Countries in Asia, perhaps more so than others, have tended to think of security in rather broad terms. This wider definition of security is also ideally suited to Canada’s interests and strengths in Asia, with which it does not have strong military ties but with which it has mutual interests. Canadian foreign policy has focused on economic issues and confidence building (i.e. building coalitions of common interests) to arrive at peaceful resolution of disputes(92). Further, Canadian policy has, always with key exceptions (such as the Canadian recognition of, and trade with, China) been cognisant of American security concerns.


A.Traditional Security Threats

1. Three Major Potential Clashes in the Region

The unfinished civil wars between North and South Korea, as well as between mainland China and Taiwan, are legacies of the Cold War in the Asia Pacific. "These tense areas of political conflict stand out as the greatest threats to regional stability in East Asia for the foreseeable future."(93) Given the significance of these potential conflicts, as well as that of the Spratly Islands in the South China Sea, each will be addressed in some detail. Other conflicts in the region are identified in Appendix 3.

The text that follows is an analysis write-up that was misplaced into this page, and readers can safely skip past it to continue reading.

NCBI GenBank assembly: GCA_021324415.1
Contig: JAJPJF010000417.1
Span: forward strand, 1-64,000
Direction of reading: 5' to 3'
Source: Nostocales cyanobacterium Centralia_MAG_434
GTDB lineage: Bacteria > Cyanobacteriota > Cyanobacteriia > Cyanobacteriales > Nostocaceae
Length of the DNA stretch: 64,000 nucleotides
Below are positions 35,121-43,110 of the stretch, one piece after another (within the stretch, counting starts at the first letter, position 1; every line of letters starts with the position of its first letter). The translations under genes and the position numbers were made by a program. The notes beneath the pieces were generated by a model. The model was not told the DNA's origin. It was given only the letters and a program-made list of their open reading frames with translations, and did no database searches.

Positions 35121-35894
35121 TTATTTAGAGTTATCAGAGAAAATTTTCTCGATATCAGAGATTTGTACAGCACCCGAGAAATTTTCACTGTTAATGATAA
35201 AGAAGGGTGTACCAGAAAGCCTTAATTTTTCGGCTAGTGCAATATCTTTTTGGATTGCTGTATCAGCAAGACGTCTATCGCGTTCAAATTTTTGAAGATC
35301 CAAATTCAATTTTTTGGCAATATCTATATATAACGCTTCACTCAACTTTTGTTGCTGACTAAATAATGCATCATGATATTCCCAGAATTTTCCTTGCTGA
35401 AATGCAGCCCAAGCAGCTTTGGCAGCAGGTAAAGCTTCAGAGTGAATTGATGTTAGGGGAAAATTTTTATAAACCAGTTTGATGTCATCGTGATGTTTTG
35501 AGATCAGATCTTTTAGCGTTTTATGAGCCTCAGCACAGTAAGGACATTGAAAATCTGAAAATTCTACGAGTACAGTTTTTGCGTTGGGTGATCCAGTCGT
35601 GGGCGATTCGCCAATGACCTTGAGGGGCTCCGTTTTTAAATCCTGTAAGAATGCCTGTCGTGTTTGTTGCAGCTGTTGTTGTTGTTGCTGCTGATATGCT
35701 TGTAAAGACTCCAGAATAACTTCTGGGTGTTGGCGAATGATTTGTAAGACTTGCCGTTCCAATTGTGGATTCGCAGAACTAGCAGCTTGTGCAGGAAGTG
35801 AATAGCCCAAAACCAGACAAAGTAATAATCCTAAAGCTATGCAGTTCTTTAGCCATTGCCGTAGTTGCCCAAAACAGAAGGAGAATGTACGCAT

a) The Korean Peninsula

The situation on the Korean peninsula has been described as "perhaps the most urgent security challenge in the world."(94) Little progress has been made in peacebuilding since the signing of the Armistice Agreement in 1953.(95) The two sides remain technically at war, divided by the most heavily armed border in the world. The North Korean regime, with its starving population, remains internationally isolated. Predictions as to what will happen on the peninsula range from the imminent collapse of the North Korean regime to a gradual reunification based on incremental economic change.(96)